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Pure Convection : The Rotating Hill

Summary: Here we will present two methods for upwinding for the simplest convection problem. We will learn about Characteristics-Galerkin and Discontinuous-Galerkin Finite Element Methods.

Let $$\Omega$$ be the unit disk centered at $$(0,0)$$; consider the rotation vector field

$\mathbf{u} = [u1,u2], \qquad u_1 = y,\quad u_2 = -x$

Pure convection by $$\mathbf{u}$$ is

$\begin{split}\begin{array}{rcl} \partial_t c + \mathbf{u}.\nabla c &= 0 &\hbox{ in } \Omega\times(0,T)\\ c (t=0) &= c ^0 &\hbox{ in } \Omega. \end{array}\end{split}$

The exact solution $$c(x_t,t)$$ at time $$t$$ en point $$x_t$$ is given by:

$c(x_t,t)=c^0(x,0)$

where $$x_t$$ is the particle path in the flow starting at point $$x$$ at time $$0$$. So $$x_t$$ are solutions of

$\dot{x_t} = u(x_t), \quad\ x_{t=0} =x , \quad\mbox{where}\quad \dot{x_t} = \frac{\text{d} ( t \mapsto x_t)}{\text{d} t}$

The ODE are reversible and we want the solution at point $$x$$ at time $$t$$ ( not at point $$x_t$$) the initial point is $$x_{-t}$$, and we have

$c(x,t)=c^0(x_{-t},0)$

The game consists in solving the equation until $$T=2\pi$$, that is for a full revolution and to compare the final solution with the initial one; they should be equal.

Solution by a Characteristics-Galerkin Method

In FreeFEM there is an operator called convect([u1,u2], dt, c) which compute $$c\circ X$$ with $$X$$ is the convect field defined by $$X(x)= x_{dt}$$ and where $$x_\tau$$ is particule path in the steady state velocity field $$\mathbf{u}=[u1,u2]$$ starting at point $$x$$ at time $$\tau=0$$, so $$x_\tau$$ is solution of the following ODE:

$\dot{x}_\tau = u(x_\tau), \mathbf{x}_{\tau=0}=x.$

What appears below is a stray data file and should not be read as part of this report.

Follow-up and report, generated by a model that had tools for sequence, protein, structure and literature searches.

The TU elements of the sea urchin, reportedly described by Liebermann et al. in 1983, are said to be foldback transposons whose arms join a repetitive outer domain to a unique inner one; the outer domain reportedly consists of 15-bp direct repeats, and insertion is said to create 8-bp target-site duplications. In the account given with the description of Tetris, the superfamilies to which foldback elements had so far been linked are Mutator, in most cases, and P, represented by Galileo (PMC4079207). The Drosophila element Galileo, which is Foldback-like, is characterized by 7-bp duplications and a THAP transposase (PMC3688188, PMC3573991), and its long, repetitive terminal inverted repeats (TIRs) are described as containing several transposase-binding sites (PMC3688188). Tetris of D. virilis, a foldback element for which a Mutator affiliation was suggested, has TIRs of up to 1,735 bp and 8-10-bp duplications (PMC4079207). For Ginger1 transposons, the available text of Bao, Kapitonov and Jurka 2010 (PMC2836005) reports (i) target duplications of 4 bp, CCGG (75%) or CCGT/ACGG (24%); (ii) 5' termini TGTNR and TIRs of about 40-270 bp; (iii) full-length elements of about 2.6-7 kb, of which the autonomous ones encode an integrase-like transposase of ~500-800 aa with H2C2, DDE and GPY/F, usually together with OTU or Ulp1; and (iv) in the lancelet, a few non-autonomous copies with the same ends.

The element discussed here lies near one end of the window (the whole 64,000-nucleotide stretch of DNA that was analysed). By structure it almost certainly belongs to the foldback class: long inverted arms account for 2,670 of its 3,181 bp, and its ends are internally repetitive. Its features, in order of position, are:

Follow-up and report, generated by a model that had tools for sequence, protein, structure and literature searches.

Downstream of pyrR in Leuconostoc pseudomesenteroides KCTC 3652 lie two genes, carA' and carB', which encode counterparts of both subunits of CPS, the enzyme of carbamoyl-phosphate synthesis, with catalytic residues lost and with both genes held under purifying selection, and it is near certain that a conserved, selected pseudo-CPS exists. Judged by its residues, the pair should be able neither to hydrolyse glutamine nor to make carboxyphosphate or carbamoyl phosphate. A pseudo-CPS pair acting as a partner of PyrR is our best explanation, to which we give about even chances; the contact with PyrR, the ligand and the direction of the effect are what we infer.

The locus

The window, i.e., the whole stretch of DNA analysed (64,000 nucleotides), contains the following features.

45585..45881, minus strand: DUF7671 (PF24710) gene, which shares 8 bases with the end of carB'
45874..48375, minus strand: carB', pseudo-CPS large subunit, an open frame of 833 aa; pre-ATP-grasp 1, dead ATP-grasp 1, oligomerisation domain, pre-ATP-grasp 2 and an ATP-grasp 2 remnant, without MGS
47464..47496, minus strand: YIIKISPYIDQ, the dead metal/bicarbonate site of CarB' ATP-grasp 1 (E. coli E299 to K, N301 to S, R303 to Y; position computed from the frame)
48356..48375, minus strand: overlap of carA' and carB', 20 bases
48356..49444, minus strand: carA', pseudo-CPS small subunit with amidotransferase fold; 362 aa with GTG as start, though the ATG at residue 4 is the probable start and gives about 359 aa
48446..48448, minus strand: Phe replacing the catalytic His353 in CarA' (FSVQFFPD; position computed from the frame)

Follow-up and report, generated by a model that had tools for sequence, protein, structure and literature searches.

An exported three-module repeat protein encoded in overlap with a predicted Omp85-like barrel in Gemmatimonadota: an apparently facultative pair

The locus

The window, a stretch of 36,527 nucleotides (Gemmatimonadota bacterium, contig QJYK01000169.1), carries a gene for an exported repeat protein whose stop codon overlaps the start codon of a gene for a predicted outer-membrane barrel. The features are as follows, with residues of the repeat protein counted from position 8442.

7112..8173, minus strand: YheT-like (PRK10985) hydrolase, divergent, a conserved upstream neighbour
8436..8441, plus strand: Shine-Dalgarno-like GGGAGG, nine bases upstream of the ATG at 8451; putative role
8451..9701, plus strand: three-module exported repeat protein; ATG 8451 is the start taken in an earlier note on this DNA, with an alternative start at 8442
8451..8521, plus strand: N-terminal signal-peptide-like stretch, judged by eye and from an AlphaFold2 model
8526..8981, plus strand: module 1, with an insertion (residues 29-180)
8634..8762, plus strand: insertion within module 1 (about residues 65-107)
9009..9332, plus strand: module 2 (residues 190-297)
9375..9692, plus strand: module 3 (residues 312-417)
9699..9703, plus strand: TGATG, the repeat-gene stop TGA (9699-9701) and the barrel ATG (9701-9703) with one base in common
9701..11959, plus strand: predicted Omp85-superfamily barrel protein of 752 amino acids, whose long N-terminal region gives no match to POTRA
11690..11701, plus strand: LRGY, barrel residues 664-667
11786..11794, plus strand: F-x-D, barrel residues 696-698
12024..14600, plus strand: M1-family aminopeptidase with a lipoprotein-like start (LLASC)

When $$\mathbf{u}$$ is piecewise constant; this is possible because $$x_\tau$$ is then a polygonal curve which can be computed exactly and the solution exists always when $$\mathbf{u}$$ is divergence free; convect returns $$c(x_{df})=C\circ X$$.

  1 2 3 4 5 6 7 8 9 10 11 12 13 14 15 16 17 18 19 20 // Parameters real dt = 0.17; // Mesh border C(t=0., 2.*pi) {x=cos(t); y=sin(t);}; mesh Th = buildmesh(C(100)); // Fespace fespace Uh(Th, P1); Uh cold, c = exp(-10*((x-0.3)^2 +(y-0.3)^2)); Uh u1 = y, u2 = -x; // Time loop real t = 0; for (int m = 0; m < 2.*pi/dt; m++){ t += dt; cold = c; c = convect([u1, u2], -dt, cold); plot(c, cmm=" t="+t +", min="+c[].min+", max="+c[].max); } 

Note

3D plots can be done by adding the qualifyer dim=3 to the plot instruction.

The method is very powerful but has two limitations:

• it is not conservative
• it may diverge in rare cases when $$|\mathbf{u}|$$ is too small due to quadrature error.

Solution by Discontinuous-Galerkin FEM

Discontinuous Galerkin methods take advantage of the discontinuities of $$c$$ at the edges to build upwinding. There are may formulations possible. We shall implement here the so-called dual-$$P_1^{DC}$$ formulation (see [ERN2006]):

$\int_\Omega(\frac{c^{n+1}-c^n}{\delta t} +u\cdot\nabla c)w +\int_E(\alpha|n\cdot u|-\frac 12 n\cdot u)[c]w =\int_{E_\Gamma^-}|n\cdot u| cw~~~\forall w$

where $$E$$ is the set of inner edges and $$E_\Gamma^-$$ is the set of boundary edges where $$u\cdot n<0$$ (in our case there is no such edges). Finally $$[c]$$ is the jump of $$c$$ across an edge with the convention that $$c^+$$ refers to the value on the right of the oriented edge.

  1 2 3 4 5 6 7 8 9 10 11 12 13 14 15 16 17 18 19 20 21 22 23 24 25 26 27 28 29 30 31 32 33 34 35 36 37 38 39 // Parameters real al=0.5; real dt = 0.05; // Mesh border C(t=0., 2.*pi) {x=cos(t); y=sin(t);}; mesh Th = buildmesh(C(100)); // Fespace fespace Vh(Th,P1dc); Vh w, ccold, v1 = y, v2 = -x, cc = exp(-10*((x-0.3)^2 +(y-0.3)^2)); // Macro macro n() (N.x*v1 + N.y*v2) // Macro without parameter // Problem problem Adual(cc, w) = int2d(Th)( (cc/dt+(v1*dx(cc)+v2*dy(cc)))*w ) + intalledges(Th)( (1-nTonEdge)*w*(al*abs(n)-n/2)*jump(cc) ) - int2d(Th)( ccold*w/dt ) ; // Time iterations for (real t = 0.; t < 2.*pi; t += dt){ ccold = cc; Adual; plot(cc, fill=1, cmm="t="+t+", min="+cc[].min+", max="+ cc[].max); } // Plot real [int] viso = [-0.2, -0.1, 0., 0.1, 0.2, 0.3, 0.4, 0.5, 0.6, 0.7, 0.8, 0.9, 1., 1.1]; plot(cc, wait=1, fill=1, ps="ConvectCG.eps", viso=viso); plot(cc, wait=1, fill=1, ps="ConvectDG.eps", viso=viso); 

Note

New keywords: intalledges to integrate on all edges of all triangles

$\mathtt{intalledges}(\mathtt{Th}) \equiv \sum_{T\in\mathtt{Th}}\int_{\partial T }$